Busy consumers don’t have time to research where their food comes from. They need a label they can trust. But while it’s easy to say that a product is good for the environment, it can be hard to get someone to back up that claim.

People who have fish on their shopping list can trust in its origins, as long as it has the Gulf of Maine Research Institute’s “responsibly harvested” label. Now the Portland-based institute is targeting a different audience: students at the many colleges and universities in New England. And the facts show there’s definitely a place for this consumer education campaign in institutions of higher education.

The Gulf of Maine Research Institute launched the branding program in 2011. The label applies to 10 species caught in the Gulf of Maine, between Cape Cod and Nova Scotia. To get the label, vendors must show that the seafood has been harvested in a way that supports the stock’s long-term health, as outlined in stock assessments and management plans.

The institute’s approach to supporting a sound fishery is in keeping with what other experts have found: Calling on individual consumers to avoid buying threatened fish species is less effective than helping to ensure that large retailers don’t carry these species.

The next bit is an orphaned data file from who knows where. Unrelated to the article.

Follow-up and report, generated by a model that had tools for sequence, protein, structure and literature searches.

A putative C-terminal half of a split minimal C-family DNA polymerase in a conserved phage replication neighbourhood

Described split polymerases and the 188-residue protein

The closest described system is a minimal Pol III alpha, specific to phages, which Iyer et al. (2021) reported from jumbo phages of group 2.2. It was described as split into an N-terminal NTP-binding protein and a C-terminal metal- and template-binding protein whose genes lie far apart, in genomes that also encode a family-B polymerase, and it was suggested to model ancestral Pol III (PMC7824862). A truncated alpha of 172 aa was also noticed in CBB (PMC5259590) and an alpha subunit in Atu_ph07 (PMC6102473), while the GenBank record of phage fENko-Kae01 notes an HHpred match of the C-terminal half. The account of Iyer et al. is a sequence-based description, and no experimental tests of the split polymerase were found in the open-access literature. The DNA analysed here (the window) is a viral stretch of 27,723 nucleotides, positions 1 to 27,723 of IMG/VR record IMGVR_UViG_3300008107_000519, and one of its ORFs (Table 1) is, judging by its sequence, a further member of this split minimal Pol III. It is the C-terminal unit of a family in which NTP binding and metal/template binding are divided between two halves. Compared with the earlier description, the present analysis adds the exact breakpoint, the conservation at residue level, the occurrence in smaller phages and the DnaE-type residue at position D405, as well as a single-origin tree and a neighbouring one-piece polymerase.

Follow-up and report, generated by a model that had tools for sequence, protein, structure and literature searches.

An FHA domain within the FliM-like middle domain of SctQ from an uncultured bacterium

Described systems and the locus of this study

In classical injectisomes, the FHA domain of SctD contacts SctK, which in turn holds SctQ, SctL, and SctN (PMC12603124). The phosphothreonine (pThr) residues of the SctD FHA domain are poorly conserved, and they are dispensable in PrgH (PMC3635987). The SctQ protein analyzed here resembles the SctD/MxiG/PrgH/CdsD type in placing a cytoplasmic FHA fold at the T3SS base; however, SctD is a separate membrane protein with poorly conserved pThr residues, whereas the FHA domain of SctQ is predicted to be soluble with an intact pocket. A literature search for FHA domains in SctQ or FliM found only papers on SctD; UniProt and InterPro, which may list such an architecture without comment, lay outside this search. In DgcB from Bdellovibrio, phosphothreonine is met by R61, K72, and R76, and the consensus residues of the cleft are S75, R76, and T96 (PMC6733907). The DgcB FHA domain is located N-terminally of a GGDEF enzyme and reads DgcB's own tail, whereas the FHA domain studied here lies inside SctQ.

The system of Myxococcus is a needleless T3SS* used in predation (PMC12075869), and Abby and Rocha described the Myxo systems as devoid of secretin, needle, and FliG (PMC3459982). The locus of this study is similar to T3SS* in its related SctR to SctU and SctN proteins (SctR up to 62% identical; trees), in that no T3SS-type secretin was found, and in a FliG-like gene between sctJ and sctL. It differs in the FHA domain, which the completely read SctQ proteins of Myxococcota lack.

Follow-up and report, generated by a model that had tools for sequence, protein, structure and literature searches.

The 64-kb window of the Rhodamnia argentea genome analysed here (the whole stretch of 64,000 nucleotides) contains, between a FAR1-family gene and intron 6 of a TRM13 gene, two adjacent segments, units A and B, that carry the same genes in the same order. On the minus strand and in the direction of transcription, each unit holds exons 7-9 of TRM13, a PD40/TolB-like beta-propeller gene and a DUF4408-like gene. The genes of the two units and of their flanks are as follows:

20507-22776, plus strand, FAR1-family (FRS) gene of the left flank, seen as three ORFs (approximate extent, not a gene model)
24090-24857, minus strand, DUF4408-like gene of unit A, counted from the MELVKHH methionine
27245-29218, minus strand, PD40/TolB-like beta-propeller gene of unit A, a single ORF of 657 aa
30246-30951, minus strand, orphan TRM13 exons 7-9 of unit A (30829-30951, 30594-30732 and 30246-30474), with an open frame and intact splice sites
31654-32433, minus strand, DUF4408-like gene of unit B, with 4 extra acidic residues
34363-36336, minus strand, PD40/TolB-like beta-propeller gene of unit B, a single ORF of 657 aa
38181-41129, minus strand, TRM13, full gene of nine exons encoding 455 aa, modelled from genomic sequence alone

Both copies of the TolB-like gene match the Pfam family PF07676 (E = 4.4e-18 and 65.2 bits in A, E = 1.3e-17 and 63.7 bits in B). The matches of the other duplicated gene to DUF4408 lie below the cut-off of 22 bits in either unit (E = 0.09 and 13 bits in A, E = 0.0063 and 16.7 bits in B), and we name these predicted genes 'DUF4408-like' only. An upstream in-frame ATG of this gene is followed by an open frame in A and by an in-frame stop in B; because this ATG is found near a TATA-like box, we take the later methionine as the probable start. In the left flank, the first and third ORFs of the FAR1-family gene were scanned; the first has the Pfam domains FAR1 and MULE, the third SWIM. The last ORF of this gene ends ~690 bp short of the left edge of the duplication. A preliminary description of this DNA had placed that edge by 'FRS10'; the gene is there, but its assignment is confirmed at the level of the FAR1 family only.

Shaw’s and Hannaford carry fish with the institute’s “responsibly harvested” stamp, and the two New England grocery giants have hundreds of thousands of customers. Wellesley College in Massachusetts and the University of New Hampshire are the first institutions of higher education to sign on to use the label.

By reaching out to college students, the institute is engaging a natural audience for its sustainability campaign. Though stereotyped as living on cold pizza and cheap beer, young people are at least as interested in healthy dining options as their parents.

Informal ranking and review sites have come out with lists of America’s 10 healthiest college dining halls. Some colleges offer undergraduate and graduate degrees in sustainable food systems; others have on-campus gardens and organic farms.

It would be unrealistic to expect all collegians to care about where the fish on their cafeteria tray comes from. But reaching even a small percentage of the estimated 1.2 million New England college students is a credible goal – and it’s likely that some of them will carry this concern into their adult lives, as they make decisions about feeding themselves and their families.

So at the same time that the Gulf of Maine Research Institute seeks to advance the well-being of the fishery, the institute is offering the next generation a hands-on lesson in sustainability.

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